SAGE is also the name of a system administrators' professional organization.
SAGE Sector Control Room. The screen shows the US eastern seaboard from the extreme west end of Nova Scotia in the upper right, to Philadelphia in the lower left. Cape Cod is centered, and two "targets" are being tracked offshore. All images courtesy MITRE.
SAGE, the Semi Automatic Ground Environment, was an automated control system for collecting, tracking and intercepting enemy bomber aircraft used by NORAD from the late 1950s into the 1980s. By the time it was fully operational the Soviet bomber threat had been replaced by the Soviet missile threat, for which SAGE was entirely inadequate.
Nevertheless, SAGE was tremendously important; it led to huge advances in online systems and interactive computing, real-time computing, and data communications using modems. It is generally considered to be one of the most advanced and successful large computer systems ever developed.
IBM's role in SAGE (the design and manufacture of the AN/FSQ-7 computer, a vacuum tube computer with ferrite core memory based on the Whirlwind) was an important factor leading to IBM's domination of the computer industry.
Prior to the introduction of SAGE, the task of intercepting bombers was becoming increasingly difficult. In World War II radar had pushed the advantage in favour of the defender, detecting a raid at long range and thus giving defenders plenty of time to launch their interceptor aircraft. The RAF could leave their fighters on the ground until the raid was detected, guiding them over radio towards the bombers, calculating directions "by hand".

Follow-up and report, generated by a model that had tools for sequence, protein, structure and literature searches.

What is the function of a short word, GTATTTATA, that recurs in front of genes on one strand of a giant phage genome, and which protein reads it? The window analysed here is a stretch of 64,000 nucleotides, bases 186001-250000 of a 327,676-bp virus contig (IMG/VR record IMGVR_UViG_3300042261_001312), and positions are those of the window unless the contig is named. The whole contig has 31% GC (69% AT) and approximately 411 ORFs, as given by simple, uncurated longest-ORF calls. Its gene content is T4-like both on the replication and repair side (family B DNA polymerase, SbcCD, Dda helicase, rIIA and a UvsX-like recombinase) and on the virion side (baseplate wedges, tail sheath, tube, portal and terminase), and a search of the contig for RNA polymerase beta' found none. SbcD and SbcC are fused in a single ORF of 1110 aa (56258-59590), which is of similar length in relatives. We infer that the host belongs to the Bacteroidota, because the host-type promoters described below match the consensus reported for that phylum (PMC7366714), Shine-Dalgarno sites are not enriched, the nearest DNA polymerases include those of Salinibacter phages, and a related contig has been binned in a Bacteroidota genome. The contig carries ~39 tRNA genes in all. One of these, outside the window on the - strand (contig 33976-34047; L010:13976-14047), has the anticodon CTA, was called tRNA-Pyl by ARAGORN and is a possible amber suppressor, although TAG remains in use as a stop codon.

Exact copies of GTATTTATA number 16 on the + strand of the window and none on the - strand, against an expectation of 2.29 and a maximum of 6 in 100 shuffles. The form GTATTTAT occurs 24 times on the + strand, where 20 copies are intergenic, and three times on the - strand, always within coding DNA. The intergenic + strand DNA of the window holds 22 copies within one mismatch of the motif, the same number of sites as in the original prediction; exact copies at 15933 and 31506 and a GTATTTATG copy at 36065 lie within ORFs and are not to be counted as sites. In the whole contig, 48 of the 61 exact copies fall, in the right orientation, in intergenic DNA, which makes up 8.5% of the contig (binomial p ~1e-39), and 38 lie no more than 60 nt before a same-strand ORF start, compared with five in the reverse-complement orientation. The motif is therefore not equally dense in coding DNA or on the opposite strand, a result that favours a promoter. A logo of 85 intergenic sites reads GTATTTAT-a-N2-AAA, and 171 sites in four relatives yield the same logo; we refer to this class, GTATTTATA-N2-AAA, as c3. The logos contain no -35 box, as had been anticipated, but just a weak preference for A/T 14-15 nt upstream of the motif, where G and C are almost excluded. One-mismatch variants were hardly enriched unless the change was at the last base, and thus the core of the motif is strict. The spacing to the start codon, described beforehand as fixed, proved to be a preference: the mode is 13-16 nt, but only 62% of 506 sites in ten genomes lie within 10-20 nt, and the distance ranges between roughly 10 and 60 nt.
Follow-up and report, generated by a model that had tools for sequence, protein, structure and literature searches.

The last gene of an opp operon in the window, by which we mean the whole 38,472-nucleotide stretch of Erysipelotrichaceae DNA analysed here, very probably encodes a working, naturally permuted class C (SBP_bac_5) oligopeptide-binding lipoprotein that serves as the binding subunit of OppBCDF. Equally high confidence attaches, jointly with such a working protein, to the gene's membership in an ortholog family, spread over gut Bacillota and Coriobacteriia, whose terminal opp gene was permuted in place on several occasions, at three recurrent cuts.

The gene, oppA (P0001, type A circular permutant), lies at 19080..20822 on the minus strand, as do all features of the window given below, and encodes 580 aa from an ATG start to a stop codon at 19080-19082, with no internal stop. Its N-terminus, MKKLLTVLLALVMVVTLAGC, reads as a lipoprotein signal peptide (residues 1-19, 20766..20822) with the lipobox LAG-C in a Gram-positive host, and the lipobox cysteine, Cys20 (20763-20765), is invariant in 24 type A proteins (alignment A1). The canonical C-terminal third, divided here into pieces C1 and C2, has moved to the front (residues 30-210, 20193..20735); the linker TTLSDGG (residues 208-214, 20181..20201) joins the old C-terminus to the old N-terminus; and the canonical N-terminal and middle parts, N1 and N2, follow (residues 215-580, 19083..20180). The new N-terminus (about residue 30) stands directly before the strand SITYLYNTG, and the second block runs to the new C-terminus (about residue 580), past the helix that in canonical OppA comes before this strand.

In the post-war era, jet-powered aircraft decreased the detection time, but also the time needed to intercept the bombers. But while the speed of the aircraft increased, the time taken to direct a particular interceptor to a particular bomber remained largely constant. This included tasks such as collecting information about the targets, figuring out where they were going (developing a track), deciding what planes should intercept them, telling everyone, and then tracking both the interceptors and the bombers to an interception point.
A study in the 1950s by the RCAF concluded that it would take on the order of one minute per interception. With flight times on the order of an hour by several hundred aircraft, some were bound to escape interception due to operator overload. With nuclear bombs onboard, this was unacceptable. The problem became even more acute if the bombers attacked at low level. Radar is line-of-sight, so by approaching close to the ground they would remain hidden behind the curvature of the Earth until approaching to within a few tens of miles (tens of km). With a jet bomber, this meant the defenders had only a few minutes to react, far too little time to launch an interceptor.